Tom Daniel: Yeah. So, most guys think about an agronomic solution around the farming operation. They think around the cash crop, Dusty. So, they think about the crop inputs, all the things I'm going to need, and strictly focusing on the cash crop. But, when we're talking in sustainability, we talk about a whole acre, how do we treat that acre 365 days a year? Because, the practices that we apply to that acre, not just with the cash crop, but when the crop has already been harvested, we're trying to recognize those things that we can actually influence when the cash crop's not on the field. So, when we talk about a whole acre solution, we're talking about managing the acre 365 days a year. So, during the cash crop time, we take a look at all the different inputs and the things that we want to incorporate on a cash crop, specifically in sustainability, we're looking at things that lead toward an environmental or a sustainable outcome.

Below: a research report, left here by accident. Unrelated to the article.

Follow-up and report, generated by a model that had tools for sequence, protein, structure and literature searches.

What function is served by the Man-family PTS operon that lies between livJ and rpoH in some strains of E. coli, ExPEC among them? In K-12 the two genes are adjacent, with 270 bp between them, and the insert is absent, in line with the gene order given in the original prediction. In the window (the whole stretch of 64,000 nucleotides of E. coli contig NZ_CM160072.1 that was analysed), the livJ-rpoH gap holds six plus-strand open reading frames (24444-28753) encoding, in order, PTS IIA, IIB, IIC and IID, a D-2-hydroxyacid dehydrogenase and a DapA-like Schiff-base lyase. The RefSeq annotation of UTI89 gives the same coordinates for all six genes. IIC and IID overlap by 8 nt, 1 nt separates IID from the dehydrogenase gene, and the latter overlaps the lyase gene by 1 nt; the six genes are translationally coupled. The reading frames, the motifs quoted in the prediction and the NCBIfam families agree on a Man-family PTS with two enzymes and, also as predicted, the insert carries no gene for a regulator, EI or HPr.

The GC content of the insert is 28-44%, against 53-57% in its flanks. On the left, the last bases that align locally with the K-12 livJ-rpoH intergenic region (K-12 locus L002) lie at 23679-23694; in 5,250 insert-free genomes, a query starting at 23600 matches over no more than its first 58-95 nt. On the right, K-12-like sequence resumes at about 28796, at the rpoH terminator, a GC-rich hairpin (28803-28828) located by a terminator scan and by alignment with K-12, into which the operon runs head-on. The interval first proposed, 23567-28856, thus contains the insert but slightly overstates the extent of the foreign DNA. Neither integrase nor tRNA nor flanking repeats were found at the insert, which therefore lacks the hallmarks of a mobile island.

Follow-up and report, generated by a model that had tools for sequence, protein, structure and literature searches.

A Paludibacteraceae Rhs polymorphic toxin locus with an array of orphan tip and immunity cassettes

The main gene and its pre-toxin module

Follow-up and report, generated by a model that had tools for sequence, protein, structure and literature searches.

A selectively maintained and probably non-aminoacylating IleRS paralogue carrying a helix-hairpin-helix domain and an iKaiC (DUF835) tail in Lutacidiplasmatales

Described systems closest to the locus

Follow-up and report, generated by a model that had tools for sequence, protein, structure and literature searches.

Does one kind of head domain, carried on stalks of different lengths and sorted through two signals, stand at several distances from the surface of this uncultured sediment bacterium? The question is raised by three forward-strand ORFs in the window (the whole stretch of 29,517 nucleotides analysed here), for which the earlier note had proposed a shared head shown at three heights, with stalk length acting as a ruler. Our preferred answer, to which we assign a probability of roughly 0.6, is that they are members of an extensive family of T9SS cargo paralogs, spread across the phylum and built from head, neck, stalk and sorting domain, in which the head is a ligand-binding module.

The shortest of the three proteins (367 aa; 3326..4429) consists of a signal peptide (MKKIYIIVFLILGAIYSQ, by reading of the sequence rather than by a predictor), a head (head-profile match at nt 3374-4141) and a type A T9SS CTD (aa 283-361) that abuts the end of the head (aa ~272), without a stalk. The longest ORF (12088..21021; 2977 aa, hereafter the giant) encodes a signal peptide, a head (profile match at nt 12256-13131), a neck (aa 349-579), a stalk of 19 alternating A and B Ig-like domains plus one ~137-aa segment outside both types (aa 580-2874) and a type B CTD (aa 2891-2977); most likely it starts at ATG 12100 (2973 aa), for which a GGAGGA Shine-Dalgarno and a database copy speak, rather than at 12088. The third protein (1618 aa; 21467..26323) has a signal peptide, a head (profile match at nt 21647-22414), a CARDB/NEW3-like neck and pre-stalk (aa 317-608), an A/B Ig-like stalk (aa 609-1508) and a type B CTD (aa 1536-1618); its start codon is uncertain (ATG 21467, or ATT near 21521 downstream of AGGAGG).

Which could be nitrogen management, it could be a soil sequestered carbon, it could be phosphate optimization, there's all kinds of different mechanisms or things we may want to measure that are part of a cash crop. So, we usually start that planting process right about now, or even before now, where we're looking at our 2022 crop needs and what we're going to need for that full solution. And we're testing a lot of those different things that we want to look at. We're looking at a lot of things around nitrogen management right now, and phosphate and fertilizer optimization. And we're looking at a lot of things around the sequestered carbon. So, we manage the cash crop part of the year. And then we look at the non-cash crop part of the year where we're managing that acre 365 days. And Sally, you've done a lot of work this year, we've all done a lot of work, but you've done a lot of work and looked at some of the data right now. We've got a lot of pilots out that we're actually testing some of these different whole acre solutions, as we call them, for the year.